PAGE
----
So that’s long term, what about short term? There are still many people who need to be reached who have already formed bad activity habits. As I said before, there is no way that just looking at a poster is going to convince these people that they need to change their ways. I think the secret of marketing c25K to adults is in word of mouth. I don't think an A4 poster will inspire a couch potato in anywhere near the same way as watching a friend or colleague becoming fitter, healthier, and achieving a healthy figure. Especially if that is someone who was previously as much of a couch potato as you!! That’s how I got involved.

So what can we do? It’s always going to be easier to teach our own kids good habits. Spend time with them being active. Make sure they can round around when they are playing and not get out of breath. Instill healthy levels of activity in them from a young age. As far as getting the message into schools, write your MP or education minister. Ask them to clarify what is being done in schools to ensure that children with lesser fitness ability are not being left behind. Suggest this programme as a tool to improve their fitness. Don’t forget, these people work for us, and if there is something that we feel needs to be listened to, they are duty bound to listen. It may take a bit of banging on the door, but if that’s what is needed then so be it. And don’t forget to keep telling your friends and colleagues about how great the programme is.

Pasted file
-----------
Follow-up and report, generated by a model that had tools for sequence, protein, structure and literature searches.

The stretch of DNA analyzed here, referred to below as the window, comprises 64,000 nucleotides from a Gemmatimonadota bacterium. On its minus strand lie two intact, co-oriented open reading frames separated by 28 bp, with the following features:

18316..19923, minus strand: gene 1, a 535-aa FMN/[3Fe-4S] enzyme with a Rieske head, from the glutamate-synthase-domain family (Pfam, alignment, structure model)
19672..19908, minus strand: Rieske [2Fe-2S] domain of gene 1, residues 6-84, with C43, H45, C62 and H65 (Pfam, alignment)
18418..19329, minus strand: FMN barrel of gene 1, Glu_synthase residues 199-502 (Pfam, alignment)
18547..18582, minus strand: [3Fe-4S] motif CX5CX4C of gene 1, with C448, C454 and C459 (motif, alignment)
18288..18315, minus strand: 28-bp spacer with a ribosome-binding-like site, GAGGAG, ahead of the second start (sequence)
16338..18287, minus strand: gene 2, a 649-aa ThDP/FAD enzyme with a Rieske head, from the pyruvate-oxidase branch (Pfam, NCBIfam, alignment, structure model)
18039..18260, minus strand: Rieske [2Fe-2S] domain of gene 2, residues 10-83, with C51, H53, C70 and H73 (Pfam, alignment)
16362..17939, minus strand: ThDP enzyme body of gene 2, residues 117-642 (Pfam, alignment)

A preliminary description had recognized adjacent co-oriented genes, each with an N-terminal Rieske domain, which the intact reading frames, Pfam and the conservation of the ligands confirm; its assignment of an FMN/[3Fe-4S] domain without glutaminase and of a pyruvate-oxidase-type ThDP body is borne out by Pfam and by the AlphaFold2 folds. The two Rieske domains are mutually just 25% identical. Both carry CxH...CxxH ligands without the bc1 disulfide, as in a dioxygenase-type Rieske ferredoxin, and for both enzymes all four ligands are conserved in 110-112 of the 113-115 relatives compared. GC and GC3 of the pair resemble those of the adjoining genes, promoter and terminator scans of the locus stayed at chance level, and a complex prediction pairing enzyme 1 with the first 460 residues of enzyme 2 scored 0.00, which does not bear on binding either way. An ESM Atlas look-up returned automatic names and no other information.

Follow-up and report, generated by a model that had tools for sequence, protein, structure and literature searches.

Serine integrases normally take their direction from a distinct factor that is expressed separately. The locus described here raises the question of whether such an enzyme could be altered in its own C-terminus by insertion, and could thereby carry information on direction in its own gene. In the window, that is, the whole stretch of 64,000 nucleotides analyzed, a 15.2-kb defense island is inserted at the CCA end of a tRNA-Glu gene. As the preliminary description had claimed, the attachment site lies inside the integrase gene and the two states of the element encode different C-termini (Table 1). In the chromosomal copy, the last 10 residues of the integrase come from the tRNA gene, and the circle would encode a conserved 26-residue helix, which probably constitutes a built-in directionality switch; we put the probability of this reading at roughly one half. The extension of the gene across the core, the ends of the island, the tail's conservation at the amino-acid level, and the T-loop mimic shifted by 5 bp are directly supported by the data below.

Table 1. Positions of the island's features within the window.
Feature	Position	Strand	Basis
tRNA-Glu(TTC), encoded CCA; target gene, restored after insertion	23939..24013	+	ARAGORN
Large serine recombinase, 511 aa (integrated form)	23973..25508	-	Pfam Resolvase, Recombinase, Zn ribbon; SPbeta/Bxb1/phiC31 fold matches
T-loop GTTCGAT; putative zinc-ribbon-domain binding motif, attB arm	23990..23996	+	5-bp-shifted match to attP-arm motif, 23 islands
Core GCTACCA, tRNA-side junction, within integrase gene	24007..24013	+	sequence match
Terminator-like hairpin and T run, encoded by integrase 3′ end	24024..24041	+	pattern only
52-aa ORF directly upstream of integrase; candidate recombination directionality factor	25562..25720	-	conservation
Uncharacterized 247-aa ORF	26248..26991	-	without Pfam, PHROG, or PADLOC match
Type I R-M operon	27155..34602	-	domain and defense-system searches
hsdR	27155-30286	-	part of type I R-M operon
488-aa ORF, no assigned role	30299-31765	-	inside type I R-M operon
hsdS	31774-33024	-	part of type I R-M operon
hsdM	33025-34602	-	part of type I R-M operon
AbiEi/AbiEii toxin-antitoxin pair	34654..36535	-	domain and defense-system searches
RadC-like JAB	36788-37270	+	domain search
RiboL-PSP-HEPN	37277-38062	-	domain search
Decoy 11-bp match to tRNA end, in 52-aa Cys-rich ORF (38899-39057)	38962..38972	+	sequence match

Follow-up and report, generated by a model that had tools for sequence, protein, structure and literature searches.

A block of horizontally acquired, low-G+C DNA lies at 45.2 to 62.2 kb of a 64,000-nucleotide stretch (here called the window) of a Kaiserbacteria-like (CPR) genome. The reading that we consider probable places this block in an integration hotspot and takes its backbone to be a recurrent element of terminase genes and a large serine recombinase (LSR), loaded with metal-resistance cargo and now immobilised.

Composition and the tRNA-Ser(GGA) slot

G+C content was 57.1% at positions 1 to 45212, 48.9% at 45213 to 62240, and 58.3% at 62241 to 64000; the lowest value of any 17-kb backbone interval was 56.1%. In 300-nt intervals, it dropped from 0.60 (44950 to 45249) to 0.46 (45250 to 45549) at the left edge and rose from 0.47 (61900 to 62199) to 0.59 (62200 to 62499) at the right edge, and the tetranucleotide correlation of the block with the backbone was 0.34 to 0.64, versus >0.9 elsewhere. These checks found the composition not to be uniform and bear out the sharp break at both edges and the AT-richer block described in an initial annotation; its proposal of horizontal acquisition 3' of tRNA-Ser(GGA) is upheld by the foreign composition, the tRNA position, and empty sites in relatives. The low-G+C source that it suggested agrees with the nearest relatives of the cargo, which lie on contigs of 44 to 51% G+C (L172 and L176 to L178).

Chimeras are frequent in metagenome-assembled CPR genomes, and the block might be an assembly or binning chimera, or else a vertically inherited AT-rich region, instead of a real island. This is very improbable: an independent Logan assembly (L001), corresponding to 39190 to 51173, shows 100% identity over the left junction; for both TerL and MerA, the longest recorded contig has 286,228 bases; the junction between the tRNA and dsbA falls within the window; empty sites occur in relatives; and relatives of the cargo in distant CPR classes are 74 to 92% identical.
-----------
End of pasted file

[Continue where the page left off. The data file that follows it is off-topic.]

That’s my thoughts. I don’t want to pour cold water on any efforts to raise the profile of this wonderful plan. The main message I want people (if you are still reading this) to go away with is that posters in isolation will do very little. Even doctors recommending it to obese patients is too little, too late. If we’re going to do this, let’s do it properly!